Cannabis legalization bills filed in six red States ahead of 2019 legislative sessions

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Cannabis legalization bills filed in six red States ahead of 2019 legislative sessions

Bethan Rose Jenkins, Cannabis News Writer/Editorial

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A nickname that has caught on in the new legal market of cannabis is the “green rush” and quite rightly so.

Cannabis legalization is spreading, with 33 U.S. states legalizing the plant for medical use, and a further 10 States and Washington D.C. legalizing the plant for recreational purposes.

Even in the red zones whereby cannabis remains illegal for sale, production, consumption, and possession, cannabis legalization bills have already been introduced. To be precise, bills have been put forward in six conservative states for the 2019 sessions.

On Wednesday, January 9, lawmakers in Kentucky and West Virginia introduced chunks of cannabis legalization bills. These two states follow in the footsteps of an ever-growing list of states where the idea of complete cannabis legalization seemed downright absurd just a few years back.

Cannabis legalization bills are also expected to be voted on in Indiana, Missouri, Texas, and Virginia at some points during 2019. The level of support that each bill gained has not yet been determined.

Anti-legalization governors could pose a problem for states that filled cannabis legalization bills

Certain obstacles are likely to face lawmakers on the road to U.S. cannabis reform, such as the opinions of anti-legalization governors in some states.

On the exact same day that West Virginia Sen. Richard Ojeda (D) initiated a cannabis bill that would permit adults aged 21 and above in the state to cultivate, consume and possess weed for personal use, Gov. Jim Justice (R) emphasized that he is “adamantly, adamantly, etched-in-stone, adamantly against recreational [cannabis],” amidst a State of the State address.

Unfortunately for cannabis advocates in West Virginia, pro-cannabis politician Ojeda has revealed that he will be resigning from his position as state Senate. Instead, he will channel all of his energy into the looming 2020 presidential run.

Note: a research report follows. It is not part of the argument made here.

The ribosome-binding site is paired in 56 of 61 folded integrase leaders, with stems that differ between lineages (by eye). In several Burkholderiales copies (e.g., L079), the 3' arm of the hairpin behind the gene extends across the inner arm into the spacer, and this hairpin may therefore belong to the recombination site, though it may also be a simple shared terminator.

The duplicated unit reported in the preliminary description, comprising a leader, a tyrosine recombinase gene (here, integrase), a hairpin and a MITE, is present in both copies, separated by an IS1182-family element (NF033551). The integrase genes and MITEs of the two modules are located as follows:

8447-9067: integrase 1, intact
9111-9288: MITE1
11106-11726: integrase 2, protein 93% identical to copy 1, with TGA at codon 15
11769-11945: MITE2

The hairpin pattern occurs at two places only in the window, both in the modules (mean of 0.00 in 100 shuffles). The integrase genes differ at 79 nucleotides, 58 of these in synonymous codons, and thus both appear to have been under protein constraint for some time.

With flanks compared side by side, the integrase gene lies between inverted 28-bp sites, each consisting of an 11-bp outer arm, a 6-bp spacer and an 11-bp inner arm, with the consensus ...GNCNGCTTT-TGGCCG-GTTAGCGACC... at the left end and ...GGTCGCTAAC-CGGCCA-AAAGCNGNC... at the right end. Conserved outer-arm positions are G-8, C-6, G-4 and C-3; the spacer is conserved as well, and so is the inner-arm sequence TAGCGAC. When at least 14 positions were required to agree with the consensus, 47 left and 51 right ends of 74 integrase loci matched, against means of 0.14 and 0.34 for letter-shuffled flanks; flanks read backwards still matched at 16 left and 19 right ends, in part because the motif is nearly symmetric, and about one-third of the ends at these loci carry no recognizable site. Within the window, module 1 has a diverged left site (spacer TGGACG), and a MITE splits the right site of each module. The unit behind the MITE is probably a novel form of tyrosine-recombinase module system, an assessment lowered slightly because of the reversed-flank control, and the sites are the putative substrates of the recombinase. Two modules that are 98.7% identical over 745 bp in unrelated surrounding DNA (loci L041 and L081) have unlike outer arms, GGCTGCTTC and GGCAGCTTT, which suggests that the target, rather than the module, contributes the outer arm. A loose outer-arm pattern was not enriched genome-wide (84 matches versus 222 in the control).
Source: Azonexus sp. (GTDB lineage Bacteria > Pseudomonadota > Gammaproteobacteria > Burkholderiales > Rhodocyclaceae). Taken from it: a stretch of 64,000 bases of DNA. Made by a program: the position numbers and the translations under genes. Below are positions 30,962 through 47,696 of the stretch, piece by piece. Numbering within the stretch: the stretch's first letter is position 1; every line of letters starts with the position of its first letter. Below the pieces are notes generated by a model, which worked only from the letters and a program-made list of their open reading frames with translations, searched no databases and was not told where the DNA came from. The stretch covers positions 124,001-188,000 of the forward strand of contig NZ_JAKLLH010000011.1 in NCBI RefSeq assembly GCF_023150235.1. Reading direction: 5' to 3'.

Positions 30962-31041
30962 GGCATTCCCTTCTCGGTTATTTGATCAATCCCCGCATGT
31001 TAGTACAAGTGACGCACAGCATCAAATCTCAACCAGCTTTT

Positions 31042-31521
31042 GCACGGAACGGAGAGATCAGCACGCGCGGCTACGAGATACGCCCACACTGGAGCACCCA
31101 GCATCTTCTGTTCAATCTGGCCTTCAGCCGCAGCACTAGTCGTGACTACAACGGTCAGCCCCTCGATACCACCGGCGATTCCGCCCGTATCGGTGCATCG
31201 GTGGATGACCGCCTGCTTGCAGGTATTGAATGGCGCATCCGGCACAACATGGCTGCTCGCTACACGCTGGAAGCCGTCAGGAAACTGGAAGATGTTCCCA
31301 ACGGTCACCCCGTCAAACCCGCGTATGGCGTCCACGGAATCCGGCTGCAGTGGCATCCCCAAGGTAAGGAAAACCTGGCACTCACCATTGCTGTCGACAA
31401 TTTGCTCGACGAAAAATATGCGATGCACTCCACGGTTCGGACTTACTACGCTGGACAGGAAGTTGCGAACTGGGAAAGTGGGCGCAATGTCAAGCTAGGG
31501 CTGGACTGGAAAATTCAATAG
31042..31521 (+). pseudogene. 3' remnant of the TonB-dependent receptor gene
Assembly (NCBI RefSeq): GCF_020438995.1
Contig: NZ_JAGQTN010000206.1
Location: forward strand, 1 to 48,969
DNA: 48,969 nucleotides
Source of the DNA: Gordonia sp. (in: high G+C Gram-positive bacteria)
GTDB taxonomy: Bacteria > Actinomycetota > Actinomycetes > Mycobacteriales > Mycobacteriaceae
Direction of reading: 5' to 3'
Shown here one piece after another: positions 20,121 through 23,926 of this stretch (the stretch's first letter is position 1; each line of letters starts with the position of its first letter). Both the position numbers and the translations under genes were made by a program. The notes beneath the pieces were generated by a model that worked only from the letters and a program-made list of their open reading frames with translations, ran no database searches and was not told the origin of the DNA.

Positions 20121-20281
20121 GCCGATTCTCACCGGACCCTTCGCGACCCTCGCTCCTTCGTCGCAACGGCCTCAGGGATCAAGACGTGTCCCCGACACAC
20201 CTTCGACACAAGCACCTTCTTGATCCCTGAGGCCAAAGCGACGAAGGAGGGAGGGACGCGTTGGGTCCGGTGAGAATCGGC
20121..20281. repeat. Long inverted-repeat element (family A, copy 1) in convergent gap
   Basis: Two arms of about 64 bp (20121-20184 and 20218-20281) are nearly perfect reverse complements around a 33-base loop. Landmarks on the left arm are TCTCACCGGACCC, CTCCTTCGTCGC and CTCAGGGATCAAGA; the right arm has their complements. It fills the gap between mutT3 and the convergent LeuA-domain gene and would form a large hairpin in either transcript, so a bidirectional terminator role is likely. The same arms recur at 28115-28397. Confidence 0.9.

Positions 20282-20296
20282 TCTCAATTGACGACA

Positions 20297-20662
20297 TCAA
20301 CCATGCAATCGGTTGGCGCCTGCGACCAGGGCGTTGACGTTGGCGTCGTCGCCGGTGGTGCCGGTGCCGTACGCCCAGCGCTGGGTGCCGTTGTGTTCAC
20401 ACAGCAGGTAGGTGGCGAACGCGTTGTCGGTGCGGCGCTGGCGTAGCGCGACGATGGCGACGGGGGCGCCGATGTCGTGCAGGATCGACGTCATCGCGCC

Then there are the other pro-pot politicians, like Sen. Dan Seum, who recently filed for cannabis legalization in Kentucky. Retail cannabis sales would be taxed under Seum’s proposal, which is quite different to the lack of commercial emphasis on West Virginia’s cannabis bill. During a floor speech, Seum suggested that the state could earn tax revenue and minimize prison overcrowding if cannabis was legalized. In addition to this, he believes that the state of Kentucky can better address racial disparities in cannabis enforcement.

According to Seum, Kentucky  “grows the best” and boasts an agricultural landscape that would enable the ‘Bluegrass State’ to “double up on this revenue.”

Cannabis legalization bills could enhance public safety

At the beginning of January, lawmakers in Virginia introduced cannabis legalization bills, which were separated into two different proposals. Those proposals were selected from around a dozen cannabis-related bills that have, thus far, been filed in the state during this session.

Cannabis decriminalization in Virginia would “ease overcrowding in our jails and prisons, and free up our law enforcement and court resources for offenses that are a true threat to public safety,” according to Gov. Ralph Northam (D).

Full legalization has gone full steam ahead in Missouri, with Rep. Brandon Ellington (D) pushing for complete legalization by pre-submitting a cannabis bill at the start of December last year. Wellington’s bill would legalize cannabis possession, use, and cultivation.

Then, over in Texas, a constitutional amendment to legalize the plant was proposed along with various cannabis-associated bites of legislation.

Lawmakers in New Jersey are also contemplating numerous cannabis legalization bills, one of which was approved by legislative committees in late 2018.

“Lawmakers are increasingly finding ways to support legalization, regardless of their political ideology,” said NORML’s state policies coordinator, Carly Wolf, during a recent interview with Marijuana Moment. “The debunked stigma of ‘Reefer Madness’ is rapidly falling by the wayside and politicians of all stripes can now support establishing a commercial cannabis marketplace in a manner that is consistent with their worldview.”